Tag Archives: subpoena

Cyber Threats to Watch This Year

2015 was a year in which cyber criminals continued to innovate and expand their activities. As 2016 commences, look for insider threats to take center stage and for leading companies to respond. Meanwhile, cybersecurity and privacy issues will continue to reverberate globally. Here are a few predictions for the coming year:

Ed note_Edward Stroz

Cyber threats and elections– Threat actors targeted the websites and emails of presidential candidates in 2008 and 2012. Campaign websites continue to be used to raise money, making them targets for hacktivists and cyber criminals alike. Expect to see U.S. primary frontrunners and eventual nominees successfully targeted and to see at least one campaign undermined by a data breach.

IoT spurs new rules– This will be the year consumers awaken to security and privacy concerns attendant to the Internet of Things. A major physical disruption — through the breach of a connected car or medical device or weak security in a connected toy — will spur regulators and consumers to demand action. Expect companies to spend untold amounts on testing and retrofitting IoT devices to meet hastily approved “privacy and security by design” rules.

Insider threats get addressed– Insider threats — current or ex-employees with knowledge of, and access to, the corporate network — will take center stage in 2016. This will push human resources leaders onto cross-functional cybersecurity teams in many organizations. Expect leading-edge companies to invest in technologies that identify and, in some cases, prevent insider threats before they cause material damage.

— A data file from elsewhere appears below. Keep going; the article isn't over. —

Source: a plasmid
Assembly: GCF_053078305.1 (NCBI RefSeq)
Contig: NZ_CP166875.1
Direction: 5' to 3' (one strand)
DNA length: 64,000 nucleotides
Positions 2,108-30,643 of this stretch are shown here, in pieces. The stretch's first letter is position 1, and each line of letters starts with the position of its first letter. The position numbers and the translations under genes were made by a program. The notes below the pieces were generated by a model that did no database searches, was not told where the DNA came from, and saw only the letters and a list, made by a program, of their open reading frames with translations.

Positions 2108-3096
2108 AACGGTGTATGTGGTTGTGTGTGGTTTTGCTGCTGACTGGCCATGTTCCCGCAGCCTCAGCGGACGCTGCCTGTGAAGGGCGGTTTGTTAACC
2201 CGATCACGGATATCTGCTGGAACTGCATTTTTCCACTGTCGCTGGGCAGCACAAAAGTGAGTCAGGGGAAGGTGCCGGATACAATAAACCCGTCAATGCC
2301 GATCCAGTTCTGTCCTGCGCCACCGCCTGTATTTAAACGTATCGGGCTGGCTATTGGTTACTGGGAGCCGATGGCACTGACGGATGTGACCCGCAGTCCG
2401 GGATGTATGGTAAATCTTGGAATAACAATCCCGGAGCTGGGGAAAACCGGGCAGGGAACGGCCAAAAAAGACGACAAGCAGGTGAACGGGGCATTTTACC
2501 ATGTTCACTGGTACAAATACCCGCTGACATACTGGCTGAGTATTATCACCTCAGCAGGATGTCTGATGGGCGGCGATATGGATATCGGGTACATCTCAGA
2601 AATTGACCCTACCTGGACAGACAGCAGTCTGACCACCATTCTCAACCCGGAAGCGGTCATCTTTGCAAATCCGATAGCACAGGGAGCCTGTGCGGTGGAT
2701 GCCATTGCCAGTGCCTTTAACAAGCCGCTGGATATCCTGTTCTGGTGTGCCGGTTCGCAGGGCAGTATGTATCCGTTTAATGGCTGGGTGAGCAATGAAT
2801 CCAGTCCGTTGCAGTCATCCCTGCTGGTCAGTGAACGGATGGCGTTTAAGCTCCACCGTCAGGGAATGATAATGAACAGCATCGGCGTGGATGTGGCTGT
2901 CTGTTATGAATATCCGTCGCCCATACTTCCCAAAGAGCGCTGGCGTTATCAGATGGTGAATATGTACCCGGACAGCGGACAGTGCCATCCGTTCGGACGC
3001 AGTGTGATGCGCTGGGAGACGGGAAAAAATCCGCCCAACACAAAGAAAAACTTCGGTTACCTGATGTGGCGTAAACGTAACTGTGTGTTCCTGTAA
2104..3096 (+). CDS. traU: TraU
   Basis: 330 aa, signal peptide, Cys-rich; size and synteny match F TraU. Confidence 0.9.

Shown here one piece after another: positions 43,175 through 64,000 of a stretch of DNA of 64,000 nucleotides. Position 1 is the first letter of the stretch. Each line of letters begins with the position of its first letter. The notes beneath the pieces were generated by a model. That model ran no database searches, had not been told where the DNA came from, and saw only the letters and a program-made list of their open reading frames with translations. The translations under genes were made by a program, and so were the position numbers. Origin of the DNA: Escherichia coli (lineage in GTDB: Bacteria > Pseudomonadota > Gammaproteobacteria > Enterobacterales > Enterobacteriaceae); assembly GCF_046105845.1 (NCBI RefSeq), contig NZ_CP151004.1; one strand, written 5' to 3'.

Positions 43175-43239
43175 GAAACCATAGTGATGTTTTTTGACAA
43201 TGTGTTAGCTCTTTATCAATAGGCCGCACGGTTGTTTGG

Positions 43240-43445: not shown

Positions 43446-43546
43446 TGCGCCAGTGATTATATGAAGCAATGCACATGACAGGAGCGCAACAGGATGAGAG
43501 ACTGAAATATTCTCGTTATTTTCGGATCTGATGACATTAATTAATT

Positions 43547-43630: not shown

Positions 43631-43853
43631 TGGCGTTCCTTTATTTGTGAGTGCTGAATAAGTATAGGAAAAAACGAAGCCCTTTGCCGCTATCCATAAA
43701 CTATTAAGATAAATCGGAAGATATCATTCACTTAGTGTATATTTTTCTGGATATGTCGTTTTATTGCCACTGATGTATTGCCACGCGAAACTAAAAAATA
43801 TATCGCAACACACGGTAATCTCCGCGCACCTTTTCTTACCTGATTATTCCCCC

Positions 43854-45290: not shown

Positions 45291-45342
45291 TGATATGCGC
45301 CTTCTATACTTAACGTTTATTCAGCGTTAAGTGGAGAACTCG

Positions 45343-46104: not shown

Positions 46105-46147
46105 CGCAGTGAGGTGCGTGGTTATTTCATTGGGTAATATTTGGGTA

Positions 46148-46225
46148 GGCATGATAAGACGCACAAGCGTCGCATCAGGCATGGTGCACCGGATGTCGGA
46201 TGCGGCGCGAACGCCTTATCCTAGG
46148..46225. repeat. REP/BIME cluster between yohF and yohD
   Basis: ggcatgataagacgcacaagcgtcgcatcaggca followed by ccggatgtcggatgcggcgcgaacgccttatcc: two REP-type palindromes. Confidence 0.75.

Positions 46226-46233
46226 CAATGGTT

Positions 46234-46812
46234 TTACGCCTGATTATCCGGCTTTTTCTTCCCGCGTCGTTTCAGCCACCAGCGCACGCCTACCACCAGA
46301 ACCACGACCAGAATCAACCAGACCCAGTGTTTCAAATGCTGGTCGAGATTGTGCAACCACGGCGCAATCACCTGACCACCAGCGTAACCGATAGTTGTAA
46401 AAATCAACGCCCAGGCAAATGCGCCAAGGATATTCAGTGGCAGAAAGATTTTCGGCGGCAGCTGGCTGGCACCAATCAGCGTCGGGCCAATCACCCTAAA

International data flows narrow– Uncertainty arising from the demise of the EU-U.S. Safe Harbor pact will disrupt international data flows. Expanding European nationalism, distrust of U.S. surveillance and subpoena power, the prospect of triggering huge fines for transborder transfers and political disputes over alternatives will drive some U.S. companies to avoid doing business with Europe altogether. Meanwhile, other multinationals will opt to segregate business functions geographically by building local cloud services and data centers that protect them from penalties.

Boardroom shuffle– With concern mounting over cyber risks, organizations will evaluate fresh approaches to ensure boards are well-informed and comfortable making strategic decisions. Expect the appointment of specialist, non-executive cyber directors and the formation of dedicated cyber-risk committees (similar to audit committees) with independent advisers. Regulators may also pursue the concept of “cyber competent” people as a requirement for boards.

Cyber insurance spike– Demand for cyber liability coverage will continue to rise. Expect premiums to also rise because of constantly evolving threats, immature risk models and an underdeveloped reinsurance market. This will affect retailers, healthcare providers, banks and others that are considered high risk. Uncertainty about the concentration of exposure will lead regulators to impose cyber incident “stress testing.” This is a way to model the impact of multiple, simultaneous incidents on cyber insurance carriers — and potentially stop those that fail these tests from writing new policies.

6 Red Flags for Work Comp Premium Fraud

Workers’ compensation insurance premium fraud is a major issue affecting our industry. Not only is it illegal, it hurts the bottom lines of both producers and carriers and leads to higher insurance premiums for honest businesses. It can also cause a loss in commission for agents, have a negative impact on a state’s rate-making system and create an unfair business advantage for the perpetrator through artificially reduced operating costs.